Lord who conquered five senses
தனக்குவமை இல்லாதான்
One beyond compare,
Incomparable One
Incomparable Lord,
Him who has no rival
அறவாழி அந்தனன்
He who is a sea of virtue,
One who is an ocean of virtue
Righteous One, Benevolent Lord,
Lord with the wheel of dharma.
எண் குணத்தான்
8-fold attributes,
Possessor of 8 infinite powers,
Eight-virtued divine
Him that has eight qualities,
Lord with 8-fold excellence
God, Lord, Holy
Prabhu (प्रभु), Lord, Him

5.1. Who is Ādi Bagavan?

அகரம் முதல எழுத்தெல்லாம் ஆதி
பகவன் முதற்றே உலகு (1)

Rajasingham (1987), who produced his new translation and exegesis of Kuŗal with a Saivite interpretation, mentions that Ādi Bhagvan represents the coexistence of the conjoint principle Ādi, the feminine and Bhagvan the masculine. Thus the word Ādi Bagavan, according to him means "Him who gave his one half away" and a pointer to the highest stage reached in Saiva Siddhāntā. This explanation would hold good only if the Kuŗal shows some references to the teachings of Saiva Siddhāntā. The usual interpretation of this couplet is: "Letter 'A' is the first cause of all alphabets and Primordial God the first cause of the world". This way of comparing God to letter 'A'  is reflected in many Hindu scriptures, both Vaishnavite and Saivite."I am the letter A among alphabets" says the Baghavad Gītā (10:33). Thirumoolar refers to this phenomenon in at least three places in Tirumandiram:

"By One Letter, He all worlds became" (ஓரழுத்தாலே உலகெங்கும் தானாகி) (885)
"None knows He is Letter-A" (ஆரும் அறியர் அகாரம் அவனென்று) (1751)
"All exist as Letter-A the beginning" (அகார முதலா அனைத்துமாய் நிற்கும்) (1753) 

Since Thirumandiram is a work dated after Thirukkural, it is possible that Thirumoolar the author had only followed the tradition. Not surprisingly the phrase "Primordial God" or "Supreme God" has found its place in many Tamil religious literatures that appeared after the Kuŗal. Nammālzhvār, a Vaishnavite poet, says in his work Thiruvāimozhi (1-3-5) "கணக்கறு நலத்தினன் அந்தமில் ஆதிஅம் பகவன்". It has been a custom to employ Valluvar's wordings in many literary works that appeared after Tirukkuŗal and many Tamil Jaina texts refer to Ādi Bagavan in one form or the other. Of particular interest are the terms "ஆதி முதல்வன்" in Mañimékalai (6.7) and the word ஆதி பிரான்” in Tirumandiram (319) and Thévāram (Thirumurai 3.2.12), and "ஆதி மூர்த்தி" in Thévāram (3.105.1125). Kandaswamy (2001) in his article on "Devotionalism in the Jain and Buddhist Tamil poems" has this to say: "Ādimudalvan, Ādi Buddha, Ādinātha and Ādi pagavan seem to be synonyms and convey theistic concept of Karandavyuha", the 'Manifestation of Appearance' in Mahayana Buddism.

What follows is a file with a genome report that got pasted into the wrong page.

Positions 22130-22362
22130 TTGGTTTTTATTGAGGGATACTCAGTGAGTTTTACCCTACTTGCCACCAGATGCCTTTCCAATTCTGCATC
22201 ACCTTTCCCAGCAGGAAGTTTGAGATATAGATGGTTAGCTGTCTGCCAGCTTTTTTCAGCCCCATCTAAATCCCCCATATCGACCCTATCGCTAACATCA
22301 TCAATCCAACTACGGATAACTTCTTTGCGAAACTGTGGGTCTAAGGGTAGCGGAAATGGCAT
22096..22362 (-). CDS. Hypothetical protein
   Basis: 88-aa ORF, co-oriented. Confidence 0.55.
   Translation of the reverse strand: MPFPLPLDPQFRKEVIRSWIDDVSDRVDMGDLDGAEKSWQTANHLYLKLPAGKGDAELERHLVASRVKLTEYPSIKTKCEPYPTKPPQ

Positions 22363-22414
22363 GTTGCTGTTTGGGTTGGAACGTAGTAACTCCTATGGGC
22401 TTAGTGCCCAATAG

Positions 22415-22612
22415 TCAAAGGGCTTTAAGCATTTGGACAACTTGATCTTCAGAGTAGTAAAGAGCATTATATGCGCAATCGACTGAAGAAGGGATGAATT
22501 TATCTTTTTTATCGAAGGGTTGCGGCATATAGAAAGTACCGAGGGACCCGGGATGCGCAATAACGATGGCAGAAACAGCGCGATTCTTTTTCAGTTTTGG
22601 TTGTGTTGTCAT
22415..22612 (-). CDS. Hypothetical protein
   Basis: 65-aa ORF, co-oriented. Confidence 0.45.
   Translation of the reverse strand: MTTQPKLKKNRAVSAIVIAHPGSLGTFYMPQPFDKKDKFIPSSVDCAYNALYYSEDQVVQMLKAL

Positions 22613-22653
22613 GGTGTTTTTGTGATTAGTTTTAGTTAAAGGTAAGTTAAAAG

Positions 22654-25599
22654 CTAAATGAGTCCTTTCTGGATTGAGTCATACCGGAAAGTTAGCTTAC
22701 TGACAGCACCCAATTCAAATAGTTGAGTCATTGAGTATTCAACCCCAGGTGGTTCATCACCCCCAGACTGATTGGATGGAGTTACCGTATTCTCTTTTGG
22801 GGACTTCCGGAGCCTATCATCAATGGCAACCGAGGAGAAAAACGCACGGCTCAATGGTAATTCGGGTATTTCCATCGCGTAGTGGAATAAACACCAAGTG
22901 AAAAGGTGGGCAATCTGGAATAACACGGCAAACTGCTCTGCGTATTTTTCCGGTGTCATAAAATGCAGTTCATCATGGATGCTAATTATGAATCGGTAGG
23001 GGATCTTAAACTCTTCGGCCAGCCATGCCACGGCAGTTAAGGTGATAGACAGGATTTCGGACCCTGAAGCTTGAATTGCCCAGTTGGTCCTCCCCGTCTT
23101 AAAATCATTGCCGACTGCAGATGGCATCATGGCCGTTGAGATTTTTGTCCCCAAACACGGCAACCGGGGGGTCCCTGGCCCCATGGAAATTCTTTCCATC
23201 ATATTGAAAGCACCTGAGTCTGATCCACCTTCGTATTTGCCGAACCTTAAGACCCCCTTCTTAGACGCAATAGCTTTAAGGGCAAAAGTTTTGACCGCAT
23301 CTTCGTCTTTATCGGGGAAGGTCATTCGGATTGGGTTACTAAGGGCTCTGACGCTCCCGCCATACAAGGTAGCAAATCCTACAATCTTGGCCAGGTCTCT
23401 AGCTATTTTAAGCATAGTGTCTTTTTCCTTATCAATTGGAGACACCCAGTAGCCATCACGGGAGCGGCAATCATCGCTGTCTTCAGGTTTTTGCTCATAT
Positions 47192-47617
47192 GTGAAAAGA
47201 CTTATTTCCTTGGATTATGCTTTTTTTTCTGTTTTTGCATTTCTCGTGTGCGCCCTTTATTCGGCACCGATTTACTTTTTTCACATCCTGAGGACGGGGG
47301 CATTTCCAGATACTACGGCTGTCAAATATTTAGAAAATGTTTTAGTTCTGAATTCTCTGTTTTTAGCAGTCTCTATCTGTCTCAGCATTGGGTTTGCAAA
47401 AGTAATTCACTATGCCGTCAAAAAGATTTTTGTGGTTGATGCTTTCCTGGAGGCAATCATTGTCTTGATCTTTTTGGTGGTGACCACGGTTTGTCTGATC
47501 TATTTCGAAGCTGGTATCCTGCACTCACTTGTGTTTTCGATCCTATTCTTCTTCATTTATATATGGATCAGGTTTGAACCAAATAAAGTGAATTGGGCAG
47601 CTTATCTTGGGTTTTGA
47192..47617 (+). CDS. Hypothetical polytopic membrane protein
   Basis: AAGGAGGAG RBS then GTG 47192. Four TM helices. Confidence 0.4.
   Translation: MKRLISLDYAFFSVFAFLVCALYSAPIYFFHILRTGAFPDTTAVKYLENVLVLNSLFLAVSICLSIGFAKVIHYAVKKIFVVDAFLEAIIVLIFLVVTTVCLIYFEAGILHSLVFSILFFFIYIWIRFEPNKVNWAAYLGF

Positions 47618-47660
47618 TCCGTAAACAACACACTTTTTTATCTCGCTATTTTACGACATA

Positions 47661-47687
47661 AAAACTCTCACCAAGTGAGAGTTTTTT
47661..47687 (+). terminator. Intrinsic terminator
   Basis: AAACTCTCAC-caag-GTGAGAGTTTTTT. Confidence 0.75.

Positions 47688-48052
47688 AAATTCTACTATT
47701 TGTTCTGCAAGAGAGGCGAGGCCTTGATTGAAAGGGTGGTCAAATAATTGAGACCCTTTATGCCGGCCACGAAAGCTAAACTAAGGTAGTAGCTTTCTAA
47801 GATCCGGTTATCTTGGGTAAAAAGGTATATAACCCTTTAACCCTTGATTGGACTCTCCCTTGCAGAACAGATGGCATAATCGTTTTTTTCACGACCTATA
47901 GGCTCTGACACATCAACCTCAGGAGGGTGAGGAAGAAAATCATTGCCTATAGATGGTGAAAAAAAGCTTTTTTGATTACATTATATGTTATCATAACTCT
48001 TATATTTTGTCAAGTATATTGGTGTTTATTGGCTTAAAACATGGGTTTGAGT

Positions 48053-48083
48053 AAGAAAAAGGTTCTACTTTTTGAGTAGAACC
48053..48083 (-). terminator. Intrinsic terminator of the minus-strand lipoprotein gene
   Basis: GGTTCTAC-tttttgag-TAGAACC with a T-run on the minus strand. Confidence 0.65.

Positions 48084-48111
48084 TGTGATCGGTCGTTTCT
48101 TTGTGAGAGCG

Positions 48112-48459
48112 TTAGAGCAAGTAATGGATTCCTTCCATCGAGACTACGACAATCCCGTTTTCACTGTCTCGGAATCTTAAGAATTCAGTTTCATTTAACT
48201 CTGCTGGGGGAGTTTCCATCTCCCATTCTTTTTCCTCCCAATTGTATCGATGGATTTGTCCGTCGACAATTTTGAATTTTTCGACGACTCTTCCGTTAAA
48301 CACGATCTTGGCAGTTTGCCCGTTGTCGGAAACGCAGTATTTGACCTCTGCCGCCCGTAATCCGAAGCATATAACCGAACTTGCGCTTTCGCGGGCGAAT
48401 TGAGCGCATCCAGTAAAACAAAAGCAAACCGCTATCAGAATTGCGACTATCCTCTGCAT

Even the scripture of the Sikhs declares: "He created the vast expanse of the Universe with One Word" (Guru Grant Sahib, page 3). It will be relevant here to quote William Penn (1644-1718): "It is too frequent to begin with God and end with the World. But He is the good Man's Beginning and End; he is Alpha and Omega" (Reflections And Maxims, 1682, No. 27). But Valluvar mentions only the beginning, not the end. The question is whether the Kuŗal is referring to a primordial God as the causative agent for the beginning of the world. 

The first couplet has been often compared to the following verses from various scriptures: 

In the the respective languages
English translation
Gītā, 10:20
अहमादिश्च मध्यं भूतानामन्त एवच
I am the Beginning, the Middle
and also the End of all beings
Qur'an, 57:3
هُوَ الْأَوَّلُ وَالْآخِرُ
He is the First and the Last
Revelation, 1:8
egw eimi to a kai to w
arch kai teloV
I am the Alpha and the Omega,
the Beginning and the End
Isaiah, 48:12
אֲנִי רִאשׁוֹן וַאֲנִי אַחֲרוֹן
I am the First and I am also the Last
Tirumandiram, 1570
ஆதிக்கண் தெய்வமும்
God is the Beginning and End of all

The couplet in Kuŗal differs from all these verses on one aspect. While the verses from Gītā, Qur'an, Revelation, Isaiah and Tirumandiram portray God as the "First and the Last" or the "Beginning and the End" (ஆதியும் அந்தமும்), the Kuŗal speaks only about the beginning (முதற்றே) of something which is the "first" (ஆதி). 

Since the usual reference to the "End or Last" is missing in couplet 1, we can safely conclude that Valluvar here was not talking about a Creator God who is often projected as the "Beginning and the End" but a god or deity who is adored as the first. This suits perfectly to the Jain Ādi Bagavan, the first of the Tirthankaras.